How many times have you seen this on tv or read it in a book: a family comes back from a wholesome outing to find their front door swinging open. They step inside gingerly, Mom holding the kids and Dad putting on a brave face, to find their living room in shambles. “We’ve been robbed!” Mom sobs. Someone whips out a cell phone and calls the police.
Except no, no one has been robbed. They’ve been burgled. There’s a difference. Burglary, as defined in the Official Code of Georgia is when a person “enters or remains within” a building “without authority and with the intent to commit a felony or theft therein.” The punishment, depending upon the type of building, can be anywhere between one and twenty years in prison, although that sentence can be suspended or probated.
Robbery is something different. Robbery, as defined by Georgia law, is taking the “property of another from the person or immediate presence of another.” In other words, you have to be there when your stuff is taken, and aware of its being taken while it is being taken. It carries a sentence of anywhere from one to twenty years. Armed robbery, logically, is the same as robbery, but when a weapon is used. It doesn’t have to be a gun – it can be any “offensive weapon.” It can also be a replica of a weapon. If the person being robbed reasonably thinks it is a weapon, then it is armed robbery. That’s how you get the armed robbery convictions where someone puts their finger in their pocket and says “I have a gun.” Armed robbery punishments include the death penalty, life imprisonment, or by imprisonment for not less than ten or more than 20 years. If you don’t mind, go back and read that last sentence again. Yes, you can be sentenced to 20 years for armed robbery, or life in prison, but not 30 years. Why? No one knows. It is one of those many instances in which the law is inconsistent and makes no sense.
There are many other kinds of theft as defined by Georgia law.
Theft by Taking is more your garden variety theft. It wasn’t taken from your house, it wasn’t taken in your presence, it was just taken. If you leave your bike in your front yard, and someone swipes it, that is theft by taking. Theft by taking (motor vehicle) is when someone takes your car. It doesn’t have to be a permanent taking – “I was gonna give it back” is not a defense. So long as they took it so you didn’t have it, it is theft.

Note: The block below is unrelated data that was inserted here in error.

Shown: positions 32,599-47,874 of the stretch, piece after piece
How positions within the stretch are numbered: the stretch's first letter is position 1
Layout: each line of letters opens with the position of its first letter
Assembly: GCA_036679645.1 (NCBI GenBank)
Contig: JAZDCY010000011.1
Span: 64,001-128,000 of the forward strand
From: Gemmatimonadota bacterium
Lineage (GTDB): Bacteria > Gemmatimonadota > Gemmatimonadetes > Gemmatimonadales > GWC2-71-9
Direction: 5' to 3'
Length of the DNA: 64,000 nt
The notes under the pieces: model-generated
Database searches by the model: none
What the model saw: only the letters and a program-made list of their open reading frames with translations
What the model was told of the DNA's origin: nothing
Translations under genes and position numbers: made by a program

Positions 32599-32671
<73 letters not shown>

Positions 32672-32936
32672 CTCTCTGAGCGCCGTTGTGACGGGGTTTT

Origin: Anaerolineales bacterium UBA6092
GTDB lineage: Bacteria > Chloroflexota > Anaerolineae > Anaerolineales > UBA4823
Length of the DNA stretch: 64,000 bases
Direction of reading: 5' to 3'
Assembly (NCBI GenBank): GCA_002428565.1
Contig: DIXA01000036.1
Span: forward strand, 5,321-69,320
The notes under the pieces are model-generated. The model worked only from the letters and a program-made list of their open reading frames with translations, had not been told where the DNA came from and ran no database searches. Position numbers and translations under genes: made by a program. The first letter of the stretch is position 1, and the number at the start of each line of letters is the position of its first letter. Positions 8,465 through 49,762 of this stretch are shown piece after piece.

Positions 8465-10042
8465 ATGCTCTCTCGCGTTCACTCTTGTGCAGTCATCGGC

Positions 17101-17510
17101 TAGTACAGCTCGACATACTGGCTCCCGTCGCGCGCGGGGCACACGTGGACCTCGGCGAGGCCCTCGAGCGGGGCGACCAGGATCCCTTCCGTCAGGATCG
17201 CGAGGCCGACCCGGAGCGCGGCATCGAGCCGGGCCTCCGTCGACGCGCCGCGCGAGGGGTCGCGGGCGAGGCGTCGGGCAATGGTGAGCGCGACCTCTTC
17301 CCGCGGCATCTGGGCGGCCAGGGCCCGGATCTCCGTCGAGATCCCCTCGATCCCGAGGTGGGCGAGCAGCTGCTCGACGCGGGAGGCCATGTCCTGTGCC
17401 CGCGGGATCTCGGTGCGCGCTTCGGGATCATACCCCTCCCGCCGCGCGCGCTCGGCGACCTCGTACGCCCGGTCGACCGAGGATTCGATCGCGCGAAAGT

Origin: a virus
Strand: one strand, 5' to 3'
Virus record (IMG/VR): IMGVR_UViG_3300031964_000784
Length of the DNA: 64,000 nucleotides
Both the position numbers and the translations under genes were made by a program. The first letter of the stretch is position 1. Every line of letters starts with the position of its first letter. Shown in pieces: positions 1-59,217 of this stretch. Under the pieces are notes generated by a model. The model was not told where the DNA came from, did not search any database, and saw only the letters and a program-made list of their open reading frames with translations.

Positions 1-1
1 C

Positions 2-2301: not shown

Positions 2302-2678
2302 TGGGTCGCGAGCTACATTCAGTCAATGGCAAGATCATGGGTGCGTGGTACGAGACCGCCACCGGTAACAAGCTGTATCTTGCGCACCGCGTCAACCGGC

Theft by Deception requires some kind of fraud. “If you give me your money, I will buy you a car at a great discount, because I have these awesome connections at GM.” Only you don’t, and you take the money and go on a Carribean cruise.
Theft by Conversion is when you originally took something legitimately, but held on to it and wouldn’t give it back. For example, if I lend you my car and tell you to have it back by Tuesday, only Thursday rolls around and you still haven’t given it back and aren’t answering my phone calls.
Theft by Shoplifting is when you take something from a store. You don’t have to actually get it out of the store – concealing it is enough for a conviction. So if you put it in your purse or pocket, but never make it past the cash registers, you’re guilty. “But I didn’t leave the store” is no excuse.
Theft by Receiving is when you are in possession of something stolen that you knew or should have known was stolen. Often, it is difficult to prove that someone knew an item was stolen, but it isn’t that hard to prove that someone should have known something was stolen. For example, if you’re driving a stolen car that has a screwdriver sticking out of the ignition, you should have known it was stolen. If your cousin who never had a job in his life suddenly shows up with a brand new Lexus and asks if you want to drive it, say no. If you bought a brand new Xbox 360 with a dozen games and four controllers and extra memory from some guy on the street for $75, you should have known it was stolen.
Obviously, there are a great many more subtleties to these offenses, and many of them vary as to whether they are felonies or misdemeanors based on things like the worth of the item taken or the number of times you have done this before. This is just meant to be a broad outline.
This article was written by a lawyer, but should not be considered legal advice in any way, shape, or form. It is written for general (and generally vague) informational purposes only. In order to properly evaluate your case, a lawyer must examine all the facts and circumstances that are particular and personal to your situation. I have not done that here.